Elevated expression of protein biosynthesis genes in liver and muscle of hibernating black bears (Ursus americanus)

Vadim B. Fedorov, Anna V. Goropashnaya, Oøivind Tøien, Nathan C. Stewart, Andrew Y. Gracey, Celia Chang, Shizhen Qin, Geo Pertea, John Quackenbush, Louise C. Showe, Michael K. Showe, Bert B. Boyer, Brian M. Barnes

Research output: Contribution to journalArticlepeer-review

72 Scopus citations


We conducted a large-scale gene expression screen using the 3,200 cDNA probe microarray developed specifically for Ursus americanus to detect expression differences in liver and skeletal muscle that occur during winter hibernation compared with animals sampled during summer. The expression of 12 genes, including RNA binding protein motif 3 (Rbm3), that are mostly involved in protein biosynthesis, was induced during hibernation in both liver and muscle. The Gene Ontology and Gene Set Enrichment analysis consistently showed a highly significant enrichment of the protein biosynthesis category by overexpressed genes in both liver and skeletal muscle during hibernation. Coordinated induction in transcriptional level of genes involved in protein biosynthesis is a distinctive feature of the transcrip- tome in hibernating black bears. This finding implies induction of translation and suggests an adaptive mechanism that contributes to a unique ability to reduce muscle atrophy over prolonged periods of immobility during hibernation. Comparing expression profiles in bears to small mammalian hibernators shows a general trend during hibernation of transcriptional changes that include induction of genes involved in lipid metabolism and carbohydrate synthesis as well as depression of genes involved in the urea cycle and detoxification function in liver.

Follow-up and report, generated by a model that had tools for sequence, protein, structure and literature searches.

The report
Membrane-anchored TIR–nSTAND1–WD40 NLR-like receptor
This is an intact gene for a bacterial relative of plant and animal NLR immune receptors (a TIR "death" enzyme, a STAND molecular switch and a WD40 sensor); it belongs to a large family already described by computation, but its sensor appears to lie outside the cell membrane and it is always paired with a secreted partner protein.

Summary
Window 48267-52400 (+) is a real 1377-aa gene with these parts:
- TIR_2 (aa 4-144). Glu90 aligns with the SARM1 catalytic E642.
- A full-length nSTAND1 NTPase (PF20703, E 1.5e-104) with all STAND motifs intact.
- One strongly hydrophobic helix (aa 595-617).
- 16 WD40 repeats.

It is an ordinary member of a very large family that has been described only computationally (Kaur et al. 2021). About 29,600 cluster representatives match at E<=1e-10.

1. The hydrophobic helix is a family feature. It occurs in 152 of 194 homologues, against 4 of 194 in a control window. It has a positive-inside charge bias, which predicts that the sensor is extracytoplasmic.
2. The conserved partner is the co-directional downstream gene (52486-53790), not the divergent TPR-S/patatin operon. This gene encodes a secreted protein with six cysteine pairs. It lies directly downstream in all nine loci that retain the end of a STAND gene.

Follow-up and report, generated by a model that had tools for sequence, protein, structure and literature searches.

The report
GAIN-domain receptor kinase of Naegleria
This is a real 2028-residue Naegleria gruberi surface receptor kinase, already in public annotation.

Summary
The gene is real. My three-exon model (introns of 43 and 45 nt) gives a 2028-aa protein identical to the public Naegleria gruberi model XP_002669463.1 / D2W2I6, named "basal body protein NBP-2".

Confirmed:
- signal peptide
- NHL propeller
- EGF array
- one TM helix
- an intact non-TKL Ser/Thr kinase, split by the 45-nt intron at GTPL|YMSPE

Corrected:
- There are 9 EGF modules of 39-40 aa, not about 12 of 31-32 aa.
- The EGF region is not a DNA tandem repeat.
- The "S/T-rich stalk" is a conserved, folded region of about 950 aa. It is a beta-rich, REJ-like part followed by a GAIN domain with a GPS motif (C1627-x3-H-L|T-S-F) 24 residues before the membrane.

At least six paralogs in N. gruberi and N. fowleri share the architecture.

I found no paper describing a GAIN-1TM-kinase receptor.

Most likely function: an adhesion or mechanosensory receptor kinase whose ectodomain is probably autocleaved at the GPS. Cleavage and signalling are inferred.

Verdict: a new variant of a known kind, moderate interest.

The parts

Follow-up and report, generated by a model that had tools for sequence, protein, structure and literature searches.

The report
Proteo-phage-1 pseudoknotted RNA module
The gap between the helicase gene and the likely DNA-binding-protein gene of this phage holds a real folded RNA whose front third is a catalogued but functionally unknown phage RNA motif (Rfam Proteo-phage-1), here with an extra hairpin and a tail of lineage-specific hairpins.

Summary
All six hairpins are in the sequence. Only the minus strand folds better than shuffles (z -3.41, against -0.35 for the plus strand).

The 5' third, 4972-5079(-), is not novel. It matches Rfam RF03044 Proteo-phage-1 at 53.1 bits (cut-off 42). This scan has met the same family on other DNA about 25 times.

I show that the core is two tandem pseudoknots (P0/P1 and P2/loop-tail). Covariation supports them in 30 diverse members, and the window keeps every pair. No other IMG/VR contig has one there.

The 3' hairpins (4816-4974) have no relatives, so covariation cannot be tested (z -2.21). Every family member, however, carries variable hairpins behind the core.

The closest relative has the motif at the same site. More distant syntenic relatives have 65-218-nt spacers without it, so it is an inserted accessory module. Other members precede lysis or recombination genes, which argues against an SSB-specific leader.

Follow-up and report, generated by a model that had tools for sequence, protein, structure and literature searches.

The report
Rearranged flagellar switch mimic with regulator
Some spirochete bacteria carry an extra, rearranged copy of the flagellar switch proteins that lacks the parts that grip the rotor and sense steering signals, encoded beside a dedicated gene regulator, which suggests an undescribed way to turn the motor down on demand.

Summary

Original languageEnglish (US)
Pages (from-to)108-118
Number of pages11
JournalPhysiological genomics
Issue number2
StatePublished - Apr 2009
Externally publishedYes


  • Gene expression
  • Hibernation
  • RNA binding protein motif 3
  • Translation

ASJC Scopus subject areas

  • Physiology
  • Genetics


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